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Diplomacy in Action

March 1966 - Twenty-First Report of the United States Advisory Commission on Information


   
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Commission Members:
Frank Stanton, chairman
Palmer Hoyt
Dorothy B. Chandler
Sigurd S. Larmon
M. S. Novik
 

Summary

This report examined the necessary actions for improving and strengthening the US information and cultural relations program. The Commissioners noted that it is a strategic error that Congress has insisted on shifting resources away from Europe and toward countries facing rapidly changing and revolutionary conditions in Africa, Latin America, and Asia. The Commission recommended that USIA should cover both present and future objectives, develop long-range plans, make more effective use of research, improve the quality of its programs and personnel, strengthen the balance between cultural and informational programs, reexamine its content, and continue to seek favorable levels of appropriations.

Quotations

It is the belief of the Advisory Commission that too little emphasis is being given to the crucial need to gain understanding and respect for the United States, its purposes and policies, through ideological means.

Between 1948 and 1964, the American people spent $785 billion for military purposes and less than one-three hundredths of that (2.5 billion) for USIA’s ideological efforts. The Commission is aware that figures alone never tell the whole story; that a dollar invested in one way may bring more productive results than many times the same amount spent in another way. But the differences between the figures cited here is too great to allow for such comfortable rationalization.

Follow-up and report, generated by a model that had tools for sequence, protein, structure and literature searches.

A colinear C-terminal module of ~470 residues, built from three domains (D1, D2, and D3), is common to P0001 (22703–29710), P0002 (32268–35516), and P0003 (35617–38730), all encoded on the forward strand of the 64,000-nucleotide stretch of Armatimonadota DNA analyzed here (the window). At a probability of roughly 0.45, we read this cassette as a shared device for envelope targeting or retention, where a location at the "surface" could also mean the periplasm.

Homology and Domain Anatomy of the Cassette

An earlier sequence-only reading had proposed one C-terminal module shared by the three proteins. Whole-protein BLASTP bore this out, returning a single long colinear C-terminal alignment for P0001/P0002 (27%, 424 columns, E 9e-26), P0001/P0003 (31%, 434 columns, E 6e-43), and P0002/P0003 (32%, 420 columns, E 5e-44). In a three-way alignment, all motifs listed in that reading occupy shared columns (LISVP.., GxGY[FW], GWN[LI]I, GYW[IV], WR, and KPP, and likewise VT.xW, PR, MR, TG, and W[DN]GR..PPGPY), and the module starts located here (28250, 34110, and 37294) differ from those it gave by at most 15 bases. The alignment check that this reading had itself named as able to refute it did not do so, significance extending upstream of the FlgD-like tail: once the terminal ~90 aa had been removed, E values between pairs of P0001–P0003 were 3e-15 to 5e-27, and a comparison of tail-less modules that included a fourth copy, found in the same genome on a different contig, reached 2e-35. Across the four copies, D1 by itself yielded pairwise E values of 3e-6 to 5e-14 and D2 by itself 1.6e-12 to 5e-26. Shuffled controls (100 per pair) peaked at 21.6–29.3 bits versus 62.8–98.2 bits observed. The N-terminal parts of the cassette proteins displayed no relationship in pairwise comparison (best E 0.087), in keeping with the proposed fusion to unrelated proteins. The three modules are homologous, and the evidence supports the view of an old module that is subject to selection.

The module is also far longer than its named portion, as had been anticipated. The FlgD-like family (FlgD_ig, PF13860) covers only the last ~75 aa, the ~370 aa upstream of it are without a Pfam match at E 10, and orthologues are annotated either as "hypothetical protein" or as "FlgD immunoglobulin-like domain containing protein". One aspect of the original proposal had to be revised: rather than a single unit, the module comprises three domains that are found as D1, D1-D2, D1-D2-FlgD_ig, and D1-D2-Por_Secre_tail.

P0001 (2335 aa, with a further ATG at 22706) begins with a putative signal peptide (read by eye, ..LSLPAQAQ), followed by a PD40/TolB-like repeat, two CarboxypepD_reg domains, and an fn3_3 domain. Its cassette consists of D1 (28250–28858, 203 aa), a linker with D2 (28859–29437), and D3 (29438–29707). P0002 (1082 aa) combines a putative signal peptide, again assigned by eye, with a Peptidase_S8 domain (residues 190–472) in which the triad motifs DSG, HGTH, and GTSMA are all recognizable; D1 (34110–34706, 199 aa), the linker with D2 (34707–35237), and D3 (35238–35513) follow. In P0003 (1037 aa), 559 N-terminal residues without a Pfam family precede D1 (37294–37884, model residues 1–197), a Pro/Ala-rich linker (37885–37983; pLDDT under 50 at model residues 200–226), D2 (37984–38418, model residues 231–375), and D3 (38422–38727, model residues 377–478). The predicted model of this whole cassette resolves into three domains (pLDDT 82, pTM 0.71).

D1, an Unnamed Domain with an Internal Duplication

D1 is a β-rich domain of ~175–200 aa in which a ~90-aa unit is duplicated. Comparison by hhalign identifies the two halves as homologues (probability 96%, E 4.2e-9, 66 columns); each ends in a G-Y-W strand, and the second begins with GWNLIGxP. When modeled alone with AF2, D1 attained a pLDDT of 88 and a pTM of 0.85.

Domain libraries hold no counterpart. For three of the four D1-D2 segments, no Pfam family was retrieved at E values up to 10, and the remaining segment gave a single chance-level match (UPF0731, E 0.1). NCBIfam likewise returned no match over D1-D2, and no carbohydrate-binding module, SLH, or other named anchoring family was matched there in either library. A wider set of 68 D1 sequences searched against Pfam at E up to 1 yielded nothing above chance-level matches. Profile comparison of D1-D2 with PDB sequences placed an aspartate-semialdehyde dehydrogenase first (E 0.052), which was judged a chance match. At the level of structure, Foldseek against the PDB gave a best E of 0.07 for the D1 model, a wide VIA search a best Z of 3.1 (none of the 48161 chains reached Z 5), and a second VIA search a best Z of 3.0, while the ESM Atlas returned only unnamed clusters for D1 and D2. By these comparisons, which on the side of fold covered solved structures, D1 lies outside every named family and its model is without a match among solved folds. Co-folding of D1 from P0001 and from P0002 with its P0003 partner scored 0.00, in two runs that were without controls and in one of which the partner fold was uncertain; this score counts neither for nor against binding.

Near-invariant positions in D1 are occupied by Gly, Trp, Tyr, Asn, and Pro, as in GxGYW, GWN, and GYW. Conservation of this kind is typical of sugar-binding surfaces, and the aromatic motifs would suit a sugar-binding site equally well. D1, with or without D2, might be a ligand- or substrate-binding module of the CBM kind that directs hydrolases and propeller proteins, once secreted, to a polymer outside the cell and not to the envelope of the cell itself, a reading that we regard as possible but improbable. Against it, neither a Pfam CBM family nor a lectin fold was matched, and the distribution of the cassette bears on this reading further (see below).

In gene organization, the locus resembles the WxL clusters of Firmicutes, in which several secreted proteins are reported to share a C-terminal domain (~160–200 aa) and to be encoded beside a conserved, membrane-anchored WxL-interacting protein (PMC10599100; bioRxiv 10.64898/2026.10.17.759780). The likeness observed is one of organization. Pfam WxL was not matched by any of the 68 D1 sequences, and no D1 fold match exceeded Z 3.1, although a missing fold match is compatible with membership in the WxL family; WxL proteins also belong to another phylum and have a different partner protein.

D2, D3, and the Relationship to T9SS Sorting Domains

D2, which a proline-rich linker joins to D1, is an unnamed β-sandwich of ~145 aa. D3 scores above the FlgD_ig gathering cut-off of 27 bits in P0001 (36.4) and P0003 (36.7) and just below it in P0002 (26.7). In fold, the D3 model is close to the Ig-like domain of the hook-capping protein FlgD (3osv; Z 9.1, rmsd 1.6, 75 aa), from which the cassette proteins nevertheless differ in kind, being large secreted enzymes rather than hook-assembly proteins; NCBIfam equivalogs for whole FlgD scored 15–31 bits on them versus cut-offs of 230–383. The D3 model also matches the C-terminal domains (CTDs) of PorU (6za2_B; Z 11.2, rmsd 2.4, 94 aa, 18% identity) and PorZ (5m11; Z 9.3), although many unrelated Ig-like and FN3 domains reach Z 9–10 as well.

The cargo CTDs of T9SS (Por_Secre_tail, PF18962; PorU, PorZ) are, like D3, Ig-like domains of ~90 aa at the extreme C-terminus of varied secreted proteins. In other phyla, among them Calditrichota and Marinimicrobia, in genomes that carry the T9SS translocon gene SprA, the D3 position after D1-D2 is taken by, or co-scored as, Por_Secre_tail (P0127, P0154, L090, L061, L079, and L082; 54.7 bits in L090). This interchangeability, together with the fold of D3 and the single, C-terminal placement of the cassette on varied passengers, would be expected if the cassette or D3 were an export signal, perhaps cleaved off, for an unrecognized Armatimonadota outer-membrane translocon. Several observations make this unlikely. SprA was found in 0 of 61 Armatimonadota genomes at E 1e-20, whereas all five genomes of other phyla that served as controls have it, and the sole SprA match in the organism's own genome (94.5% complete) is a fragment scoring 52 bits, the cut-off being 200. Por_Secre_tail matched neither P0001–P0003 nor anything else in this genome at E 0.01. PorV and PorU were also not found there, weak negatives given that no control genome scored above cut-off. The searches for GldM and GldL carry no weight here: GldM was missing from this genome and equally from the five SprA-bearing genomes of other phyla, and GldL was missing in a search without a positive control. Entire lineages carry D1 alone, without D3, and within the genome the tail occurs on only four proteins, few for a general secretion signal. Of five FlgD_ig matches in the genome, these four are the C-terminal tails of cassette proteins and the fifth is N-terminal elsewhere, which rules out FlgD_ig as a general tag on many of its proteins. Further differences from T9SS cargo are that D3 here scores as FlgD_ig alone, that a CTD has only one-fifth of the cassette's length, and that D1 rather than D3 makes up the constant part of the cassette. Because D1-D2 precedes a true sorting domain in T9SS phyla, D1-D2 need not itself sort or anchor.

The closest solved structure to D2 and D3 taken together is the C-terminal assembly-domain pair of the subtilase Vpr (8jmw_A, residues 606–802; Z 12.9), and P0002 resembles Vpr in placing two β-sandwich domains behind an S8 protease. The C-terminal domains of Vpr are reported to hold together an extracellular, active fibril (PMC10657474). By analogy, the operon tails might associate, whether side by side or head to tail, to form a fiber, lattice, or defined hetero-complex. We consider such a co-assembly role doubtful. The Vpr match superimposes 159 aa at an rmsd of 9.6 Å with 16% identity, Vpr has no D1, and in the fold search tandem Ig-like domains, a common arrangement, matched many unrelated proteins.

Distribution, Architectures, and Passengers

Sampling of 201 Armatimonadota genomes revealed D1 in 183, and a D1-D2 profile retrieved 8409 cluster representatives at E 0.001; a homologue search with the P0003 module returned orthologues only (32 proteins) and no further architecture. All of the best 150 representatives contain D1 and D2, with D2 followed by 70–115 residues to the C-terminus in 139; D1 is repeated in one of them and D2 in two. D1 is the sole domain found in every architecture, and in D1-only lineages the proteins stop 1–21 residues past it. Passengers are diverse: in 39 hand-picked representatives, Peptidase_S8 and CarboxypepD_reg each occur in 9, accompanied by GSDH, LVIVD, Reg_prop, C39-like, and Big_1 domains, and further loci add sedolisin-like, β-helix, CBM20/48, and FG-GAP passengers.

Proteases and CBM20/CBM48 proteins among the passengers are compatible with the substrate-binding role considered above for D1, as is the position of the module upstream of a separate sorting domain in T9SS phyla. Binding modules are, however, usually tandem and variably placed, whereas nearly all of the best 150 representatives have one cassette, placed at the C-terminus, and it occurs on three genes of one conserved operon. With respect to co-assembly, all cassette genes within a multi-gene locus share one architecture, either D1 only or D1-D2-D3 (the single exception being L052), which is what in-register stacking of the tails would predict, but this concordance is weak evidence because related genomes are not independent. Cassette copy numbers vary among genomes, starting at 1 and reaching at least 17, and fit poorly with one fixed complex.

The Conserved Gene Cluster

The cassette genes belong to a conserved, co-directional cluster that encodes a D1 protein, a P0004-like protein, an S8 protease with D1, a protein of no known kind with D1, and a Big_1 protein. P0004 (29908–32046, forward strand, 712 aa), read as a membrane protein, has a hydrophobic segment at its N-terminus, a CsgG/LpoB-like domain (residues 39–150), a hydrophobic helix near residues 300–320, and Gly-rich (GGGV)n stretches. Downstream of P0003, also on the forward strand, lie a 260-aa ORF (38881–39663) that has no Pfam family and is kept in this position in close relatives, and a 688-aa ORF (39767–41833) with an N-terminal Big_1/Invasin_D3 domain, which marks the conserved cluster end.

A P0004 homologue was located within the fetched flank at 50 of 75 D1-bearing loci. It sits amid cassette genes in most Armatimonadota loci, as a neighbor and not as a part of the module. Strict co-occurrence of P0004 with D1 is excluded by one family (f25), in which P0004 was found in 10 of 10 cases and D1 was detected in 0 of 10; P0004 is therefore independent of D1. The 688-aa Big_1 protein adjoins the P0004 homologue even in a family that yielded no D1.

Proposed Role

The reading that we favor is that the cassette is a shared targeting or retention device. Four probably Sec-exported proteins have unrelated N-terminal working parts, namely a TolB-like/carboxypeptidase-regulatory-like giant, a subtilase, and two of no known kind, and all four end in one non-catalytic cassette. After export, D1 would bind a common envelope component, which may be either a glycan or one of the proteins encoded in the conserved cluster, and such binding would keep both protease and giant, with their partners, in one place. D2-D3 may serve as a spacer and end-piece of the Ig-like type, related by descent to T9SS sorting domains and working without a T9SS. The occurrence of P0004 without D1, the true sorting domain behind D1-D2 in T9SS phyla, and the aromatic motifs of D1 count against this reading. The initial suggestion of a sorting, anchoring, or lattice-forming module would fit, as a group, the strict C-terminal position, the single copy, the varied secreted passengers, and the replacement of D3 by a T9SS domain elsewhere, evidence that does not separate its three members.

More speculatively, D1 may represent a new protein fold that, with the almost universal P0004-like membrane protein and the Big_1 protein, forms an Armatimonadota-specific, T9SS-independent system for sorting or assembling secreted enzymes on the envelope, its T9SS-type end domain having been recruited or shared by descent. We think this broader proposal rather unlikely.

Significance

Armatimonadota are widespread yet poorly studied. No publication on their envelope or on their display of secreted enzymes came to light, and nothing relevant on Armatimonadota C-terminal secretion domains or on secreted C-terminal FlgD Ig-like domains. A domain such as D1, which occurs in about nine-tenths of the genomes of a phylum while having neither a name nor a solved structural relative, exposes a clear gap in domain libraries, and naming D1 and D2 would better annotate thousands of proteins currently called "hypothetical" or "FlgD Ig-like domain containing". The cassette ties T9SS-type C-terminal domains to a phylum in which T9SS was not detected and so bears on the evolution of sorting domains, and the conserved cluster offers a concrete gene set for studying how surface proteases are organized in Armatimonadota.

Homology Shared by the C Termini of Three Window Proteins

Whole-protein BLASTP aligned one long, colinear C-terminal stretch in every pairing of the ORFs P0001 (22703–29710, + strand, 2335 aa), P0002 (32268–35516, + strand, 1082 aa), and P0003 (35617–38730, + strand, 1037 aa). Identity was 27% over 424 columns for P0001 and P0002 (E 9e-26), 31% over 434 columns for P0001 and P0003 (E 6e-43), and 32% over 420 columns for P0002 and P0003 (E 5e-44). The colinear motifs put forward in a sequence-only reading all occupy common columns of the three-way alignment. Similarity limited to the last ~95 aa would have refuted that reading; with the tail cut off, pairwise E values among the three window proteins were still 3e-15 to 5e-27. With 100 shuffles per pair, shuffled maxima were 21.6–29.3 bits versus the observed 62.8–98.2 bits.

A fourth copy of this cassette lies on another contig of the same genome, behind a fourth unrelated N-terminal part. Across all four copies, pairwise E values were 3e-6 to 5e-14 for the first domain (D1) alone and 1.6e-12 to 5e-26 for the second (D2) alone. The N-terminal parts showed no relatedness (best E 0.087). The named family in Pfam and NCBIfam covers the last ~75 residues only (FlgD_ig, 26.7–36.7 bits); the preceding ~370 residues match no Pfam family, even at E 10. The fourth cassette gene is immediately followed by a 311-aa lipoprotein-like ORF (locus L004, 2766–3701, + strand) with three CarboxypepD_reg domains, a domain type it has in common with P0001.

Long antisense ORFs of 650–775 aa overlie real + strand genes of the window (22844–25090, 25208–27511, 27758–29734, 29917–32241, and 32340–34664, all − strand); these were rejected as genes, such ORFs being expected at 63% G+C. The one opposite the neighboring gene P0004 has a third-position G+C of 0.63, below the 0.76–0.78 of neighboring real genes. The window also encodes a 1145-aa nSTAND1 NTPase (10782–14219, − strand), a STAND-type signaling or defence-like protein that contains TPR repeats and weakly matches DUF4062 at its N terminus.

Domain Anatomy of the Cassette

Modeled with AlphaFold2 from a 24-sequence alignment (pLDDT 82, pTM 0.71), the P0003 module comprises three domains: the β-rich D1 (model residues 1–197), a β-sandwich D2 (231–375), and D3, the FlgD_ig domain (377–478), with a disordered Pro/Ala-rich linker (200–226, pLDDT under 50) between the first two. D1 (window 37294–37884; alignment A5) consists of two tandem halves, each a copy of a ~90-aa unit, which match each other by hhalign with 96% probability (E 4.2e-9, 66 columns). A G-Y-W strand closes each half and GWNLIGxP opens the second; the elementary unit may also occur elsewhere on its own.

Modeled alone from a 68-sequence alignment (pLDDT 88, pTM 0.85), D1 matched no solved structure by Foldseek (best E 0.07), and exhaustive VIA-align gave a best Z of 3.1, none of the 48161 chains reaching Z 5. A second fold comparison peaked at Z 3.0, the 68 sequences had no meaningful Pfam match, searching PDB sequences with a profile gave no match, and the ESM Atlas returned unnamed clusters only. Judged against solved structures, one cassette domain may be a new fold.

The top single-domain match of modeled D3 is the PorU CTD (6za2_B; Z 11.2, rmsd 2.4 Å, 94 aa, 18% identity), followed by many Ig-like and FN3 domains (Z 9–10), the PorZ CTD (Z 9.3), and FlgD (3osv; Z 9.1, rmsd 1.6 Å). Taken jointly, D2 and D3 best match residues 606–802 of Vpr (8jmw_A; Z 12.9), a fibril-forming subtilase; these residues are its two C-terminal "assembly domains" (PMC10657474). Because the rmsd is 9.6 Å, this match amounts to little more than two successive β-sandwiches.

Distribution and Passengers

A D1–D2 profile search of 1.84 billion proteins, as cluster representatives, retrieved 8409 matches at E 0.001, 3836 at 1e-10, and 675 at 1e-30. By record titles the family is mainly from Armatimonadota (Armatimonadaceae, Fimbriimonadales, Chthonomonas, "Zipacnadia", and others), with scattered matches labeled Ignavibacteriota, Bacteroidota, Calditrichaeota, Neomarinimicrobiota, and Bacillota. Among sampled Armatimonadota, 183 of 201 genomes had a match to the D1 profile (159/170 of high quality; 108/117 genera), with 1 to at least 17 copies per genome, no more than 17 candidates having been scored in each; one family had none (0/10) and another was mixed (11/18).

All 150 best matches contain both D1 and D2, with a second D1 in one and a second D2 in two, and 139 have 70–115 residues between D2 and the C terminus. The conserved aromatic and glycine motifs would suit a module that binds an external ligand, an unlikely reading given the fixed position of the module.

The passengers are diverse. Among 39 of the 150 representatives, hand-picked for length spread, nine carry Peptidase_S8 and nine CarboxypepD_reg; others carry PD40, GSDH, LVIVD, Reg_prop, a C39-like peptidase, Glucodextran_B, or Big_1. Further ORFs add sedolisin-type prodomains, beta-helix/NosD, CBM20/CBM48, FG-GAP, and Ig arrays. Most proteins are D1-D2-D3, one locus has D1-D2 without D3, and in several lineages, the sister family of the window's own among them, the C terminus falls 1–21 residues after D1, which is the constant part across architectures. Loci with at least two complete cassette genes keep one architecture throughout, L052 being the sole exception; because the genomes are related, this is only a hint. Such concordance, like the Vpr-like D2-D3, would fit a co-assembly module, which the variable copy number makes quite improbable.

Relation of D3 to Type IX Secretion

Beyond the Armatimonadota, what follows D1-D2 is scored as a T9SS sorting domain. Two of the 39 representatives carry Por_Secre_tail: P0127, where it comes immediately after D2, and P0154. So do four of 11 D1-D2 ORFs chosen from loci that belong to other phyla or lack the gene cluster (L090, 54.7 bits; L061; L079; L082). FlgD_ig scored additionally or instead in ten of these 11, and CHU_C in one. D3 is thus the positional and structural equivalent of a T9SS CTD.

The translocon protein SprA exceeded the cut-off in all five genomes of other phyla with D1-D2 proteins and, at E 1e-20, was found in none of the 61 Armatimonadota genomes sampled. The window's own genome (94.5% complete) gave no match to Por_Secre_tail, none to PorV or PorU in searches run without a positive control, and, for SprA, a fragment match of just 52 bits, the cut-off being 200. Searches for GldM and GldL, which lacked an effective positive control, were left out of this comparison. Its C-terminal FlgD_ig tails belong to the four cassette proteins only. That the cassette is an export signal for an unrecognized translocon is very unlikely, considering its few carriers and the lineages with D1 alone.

From its inception the information program faced difficult problems in management and organization, policy and program, facility and construction, personnel and evaluation, ands the evolution of its role in the government structure. Compounding these problems have been the difficulty of establishing an adequate financial and appropriations base and the domestic political controversies concerning its activities which have periodically raged in Congress and in the press. A succession of six directors in the last 12 years—each with a different idea of the mission, did not provide continuity and stability to the Agency’s direction and leadership.

It was only after a long trip to Europe by a bipartisan joint Senate-House Committee and the publication of its report which reflected anxiety and concern over the specter of a Communist Western Europe, that Public Law 402 was passed. The Congress was determined that the United States join the debate initiated by Communist propagandists in order to correct and reduce the amount of European misunderstanding of American purposes and American policy.

What is required of us in Europe is a steady concern and interest in this most important continent which, from every conceivable strategic viewpoint, is so much identified with and essential to US vital interests.



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